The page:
Pirates + Madagascar = Egalitarian Utopia? On David Graeber’s “Pirate Enlightenment, or The Real Libertalia”
By Edward CarverJuly 11, 2023
Pirate Enlightenment, or The Real Libertalia by David Graeber
But before he became a swashbuckling public intellectual, his work focused on Madagascar, where he did doctoral research on the legacy of slavery in a highlands village. In his posthumous new book, Pirate Enlightenment, or The Real Libertalia, he returns to the subject of Madagascar to tell a story that challenges Eurocentric ideas about the origins of the Enlightenment.
Pirate Enlightenment was first published in French in 2019. The publishing house that released it, Libertalia, is in fact named after a pirate utopia in Madagascar that was depicted in an English-language book in the 1720s but probably didn’t exist. Graeber is interested in the legend only insofar as it indicates the kind of political stories that were circulating in European coffeehouses. He regards it as a European fantasy, in which the Malagasy act only as antagonists to the utopians in the tale. The “Real Libertalia” of Graeber’s book is, in contrast, about the political arrangements of the Malagasy.
This builds on Graeber’s other work, including “There Never Was a West, or Democracy Emerges from the Spaces In Between,” a 2007 essay in which he argues that the ideas of freedom, democracy, and equality are not principally Western. In The Dawn of Everything: A New History of Humanity (2021), he and co-author David Wengrow, an archaeologist, dig up evidence that many complex societies existed without much hierarchy and that Enlightenment conceptions of human liberation flowed from many ancient and Indigenous traditions.
While Dawn is based on archaeological evidence from the deep past, Pirate Enlightenment, a short book, relies on written accounts by European observers, which are unreliable and at times contradictory. Graeber, ever ambitious, ventures forth with his interpretation nonetheless.
Per the title, the story’s egalitarianism starts with pirates. Pirate crews included men from Europe but also Caribbean Creoles, Africans, and Native Americans, Graeber says. These people from all over the world, with “so many different kinds of social arrangements,” were “tossed together in situations where the rapid creation of new institutional structures was absolutely required,” making their ships “perfect laboratories of democratic experiment.” Many pirates elected captains, kept their power in check through positions such as the “quartermaster,” had injury compensation systems, and divided booty somewhat fairly.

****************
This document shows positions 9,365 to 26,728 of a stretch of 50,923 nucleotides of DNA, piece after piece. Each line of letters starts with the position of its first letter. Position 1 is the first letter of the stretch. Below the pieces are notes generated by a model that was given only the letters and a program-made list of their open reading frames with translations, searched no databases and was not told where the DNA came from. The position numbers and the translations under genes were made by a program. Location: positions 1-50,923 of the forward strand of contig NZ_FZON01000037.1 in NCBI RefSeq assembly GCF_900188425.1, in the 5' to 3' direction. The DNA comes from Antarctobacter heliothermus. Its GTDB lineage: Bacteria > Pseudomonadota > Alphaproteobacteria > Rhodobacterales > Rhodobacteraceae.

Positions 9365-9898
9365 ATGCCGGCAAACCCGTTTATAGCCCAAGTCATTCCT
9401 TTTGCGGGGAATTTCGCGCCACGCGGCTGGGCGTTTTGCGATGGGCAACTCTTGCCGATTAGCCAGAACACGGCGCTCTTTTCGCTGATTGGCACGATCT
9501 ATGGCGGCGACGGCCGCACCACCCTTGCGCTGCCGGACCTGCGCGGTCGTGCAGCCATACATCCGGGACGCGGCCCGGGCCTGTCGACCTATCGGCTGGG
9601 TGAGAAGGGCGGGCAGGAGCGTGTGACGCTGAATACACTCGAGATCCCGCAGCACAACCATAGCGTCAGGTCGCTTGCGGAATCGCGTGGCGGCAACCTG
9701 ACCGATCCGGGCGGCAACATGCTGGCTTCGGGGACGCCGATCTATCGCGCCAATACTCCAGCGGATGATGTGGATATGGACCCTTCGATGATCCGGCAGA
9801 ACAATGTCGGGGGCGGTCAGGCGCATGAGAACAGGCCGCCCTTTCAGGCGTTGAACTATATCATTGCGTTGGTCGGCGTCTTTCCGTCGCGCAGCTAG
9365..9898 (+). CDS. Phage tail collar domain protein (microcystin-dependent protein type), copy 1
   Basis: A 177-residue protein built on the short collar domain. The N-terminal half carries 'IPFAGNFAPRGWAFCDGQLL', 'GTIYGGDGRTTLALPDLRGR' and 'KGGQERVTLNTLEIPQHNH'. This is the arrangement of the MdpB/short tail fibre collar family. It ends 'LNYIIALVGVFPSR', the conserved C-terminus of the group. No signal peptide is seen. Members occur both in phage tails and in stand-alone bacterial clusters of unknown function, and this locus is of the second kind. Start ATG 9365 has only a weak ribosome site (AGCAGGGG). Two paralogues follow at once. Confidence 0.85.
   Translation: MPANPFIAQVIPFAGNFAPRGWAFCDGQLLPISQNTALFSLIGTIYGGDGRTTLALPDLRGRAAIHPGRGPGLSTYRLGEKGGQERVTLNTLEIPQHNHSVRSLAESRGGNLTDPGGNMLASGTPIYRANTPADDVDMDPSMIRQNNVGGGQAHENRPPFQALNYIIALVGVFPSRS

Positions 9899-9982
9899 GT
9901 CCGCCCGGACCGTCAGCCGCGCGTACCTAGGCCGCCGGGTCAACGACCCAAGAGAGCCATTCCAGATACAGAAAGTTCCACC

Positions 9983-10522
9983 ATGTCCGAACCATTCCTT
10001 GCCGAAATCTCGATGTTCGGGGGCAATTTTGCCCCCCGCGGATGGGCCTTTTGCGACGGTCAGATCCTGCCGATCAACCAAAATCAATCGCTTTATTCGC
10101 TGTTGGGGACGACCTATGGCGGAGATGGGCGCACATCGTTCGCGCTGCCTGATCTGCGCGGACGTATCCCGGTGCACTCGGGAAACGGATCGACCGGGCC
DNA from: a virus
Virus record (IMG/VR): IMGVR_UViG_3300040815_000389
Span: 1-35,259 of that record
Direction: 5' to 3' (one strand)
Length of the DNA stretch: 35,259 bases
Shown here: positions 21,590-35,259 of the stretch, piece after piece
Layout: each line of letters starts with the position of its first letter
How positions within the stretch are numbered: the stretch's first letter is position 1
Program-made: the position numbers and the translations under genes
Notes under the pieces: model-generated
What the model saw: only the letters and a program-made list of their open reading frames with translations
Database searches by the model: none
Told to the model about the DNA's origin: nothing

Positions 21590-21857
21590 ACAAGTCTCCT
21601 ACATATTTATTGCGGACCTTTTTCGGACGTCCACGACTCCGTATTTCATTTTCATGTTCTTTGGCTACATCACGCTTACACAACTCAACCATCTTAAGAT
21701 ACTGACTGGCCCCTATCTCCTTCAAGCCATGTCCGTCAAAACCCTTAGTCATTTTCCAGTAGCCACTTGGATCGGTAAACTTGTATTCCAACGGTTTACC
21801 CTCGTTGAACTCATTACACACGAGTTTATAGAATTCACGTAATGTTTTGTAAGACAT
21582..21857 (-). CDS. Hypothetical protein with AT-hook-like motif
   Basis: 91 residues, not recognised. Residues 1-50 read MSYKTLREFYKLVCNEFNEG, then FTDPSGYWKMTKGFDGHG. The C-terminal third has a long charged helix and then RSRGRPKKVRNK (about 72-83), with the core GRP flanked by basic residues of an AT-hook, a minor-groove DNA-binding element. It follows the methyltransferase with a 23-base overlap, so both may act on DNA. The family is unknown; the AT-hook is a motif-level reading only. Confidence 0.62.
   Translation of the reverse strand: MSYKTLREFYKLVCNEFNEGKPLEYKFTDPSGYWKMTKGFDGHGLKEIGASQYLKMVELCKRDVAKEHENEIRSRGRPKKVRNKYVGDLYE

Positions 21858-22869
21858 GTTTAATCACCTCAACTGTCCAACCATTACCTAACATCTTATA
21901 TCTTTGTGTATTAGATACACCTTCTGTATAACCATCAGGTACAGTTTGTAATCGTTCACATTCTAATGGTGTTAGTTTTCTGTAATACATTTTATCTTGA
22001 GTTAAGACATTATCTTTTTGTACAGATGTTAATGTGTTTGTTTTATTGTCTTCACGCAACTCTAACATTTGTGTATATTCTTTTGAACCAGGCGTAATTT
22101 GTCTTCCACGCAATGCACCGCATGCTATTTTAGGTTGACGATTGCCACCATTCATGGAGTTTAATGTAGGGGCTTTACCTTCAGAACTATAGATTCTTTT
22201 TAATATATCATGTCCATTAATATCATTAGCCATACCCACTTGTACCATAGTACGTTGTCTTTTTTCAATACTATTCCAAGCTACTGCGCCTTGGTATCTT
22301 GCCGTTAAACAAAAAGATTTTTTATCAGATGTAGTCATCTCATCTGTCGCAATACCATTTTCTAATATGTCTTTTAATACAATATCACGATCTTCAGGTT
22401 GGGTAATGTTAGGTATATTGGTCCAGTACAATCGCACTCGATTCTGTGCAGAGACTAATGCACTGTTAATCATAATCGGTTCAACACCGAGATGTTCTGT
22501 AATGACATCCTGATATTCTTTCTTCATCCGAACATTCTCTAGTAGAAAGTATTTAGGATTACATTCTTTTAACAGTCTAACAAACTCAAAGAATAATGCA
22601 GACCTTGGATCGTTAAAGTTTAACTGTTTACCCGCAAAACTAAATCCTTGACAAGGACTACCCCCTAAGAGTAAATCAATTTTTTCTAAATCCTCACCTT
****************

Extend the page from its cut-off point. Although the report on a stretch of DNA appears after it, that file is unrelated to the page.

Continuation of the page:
In the late 1600s, piracy was in its “Golden Age,” and some pirates moved from the Caribbean Sea to the Indian Ocean, where the booty was even more precious. They found that northeast Madagascar, with no strong legal authority, was an ideal place to base themselves and trade their ill-gotten merchandise or use it to curry local favor: “Before long, foreign observers began reporting Malagasy women at the port of Sainte-Marie ‘wearing dresses of the most beautiful Indian materials embroidered in gold and silver, with golden chains, bracelets, and even diamonds of considerable value.’” The children of pirates and Malagasy women were known as Malata (from “mulatto”).
The most notable Malata was Ratsimilaho (c. 1694–1750), the leader of what would become the Betsimisaraka Confederation, the governing body of this coastal region, covering hundreds of miles, for decades to come, and the main subject of Graeber’s attention. In writing about the Confederation, Graeber reinterprets an old account, by the French writer and slave trader Nicolas Mayeur, in a way that’s both brilliant and a bit speculative.
Ratsimilaho had inherited treasure from his pirate father, but he appears to have taken power in a democratic way. The leaders of various clans that would become the Betsimisaraka had gathered at the onset of a war against another Malagasy people and chose Ratsimilaho after “a prolonged process of consensus-finding.” They took a blood oath that involved Malagasy and pirate rituals, including drinking gunpowder. At a subsequent meeting, they settled on Ratsimilaho as “chief in perpetuity,” spelling out his rights and duties. Though the participants didn’t explicitly invoke democracy or natural rights, Graeber sees something radically new in these assemblies, calling the creation of the Confederation a “proto-Enlightenment experiment.”
There are conflicting accounts of Ratsimilaho’s role after the war, which the Betsimisaraka won. Was he a king, just one of many local leaders, or perhaps a deputy to another king, elsewhere in Madagascar? Graeber argues that he was a “sham autocrat” who would sometimes pose as king to impress outsiders, that there was no kingdom, and that life under the Confederation was more egalitarian than it had been before, with, for example, an end to the old northeast practice of giving warrior aristocrats ranked positions.
In concluding the narrative, Graeber calls the Confederation’s 1720–50 heyday a golden age full of peace and prosperity. The Betsimisaraka “insulated” themselves from the slave trade and created a decentralized, participatory system of self-governance, he says, though he isn’t able to muster strong evidence for either claim.
It’s clear to both Graeber and other experts that the transatlantic slave trade was active in Madagascar in the 1690s, and the pirates benefited. One trader-pirate was sending ships full of enslaved people and laundered booty to New York. But in 1697, the Malagasy revolted, destroying a pirate fortress and slitting the throats of dozens of pirates. Graeber cites this as a turning point. Fearing another revolt, and in need of ships, the pirates began attacking slave-trading vessels, which reduced the slave trade in the area, Graeber says.
How did the Betsimisaraka Confederation then deal with slavery in the first half of the 18th century? They don’t seem to have stopped the trade, which became geared toward French-owned plantations in island colonies near Madagascar; Ratsimilaho likely traded enslaved people for firearms, using this to gain power over his rivals, according to Rafaël Thiebaut, a historian who has studied the slave trade in Madagascar, and whom I contacted while preparing this review.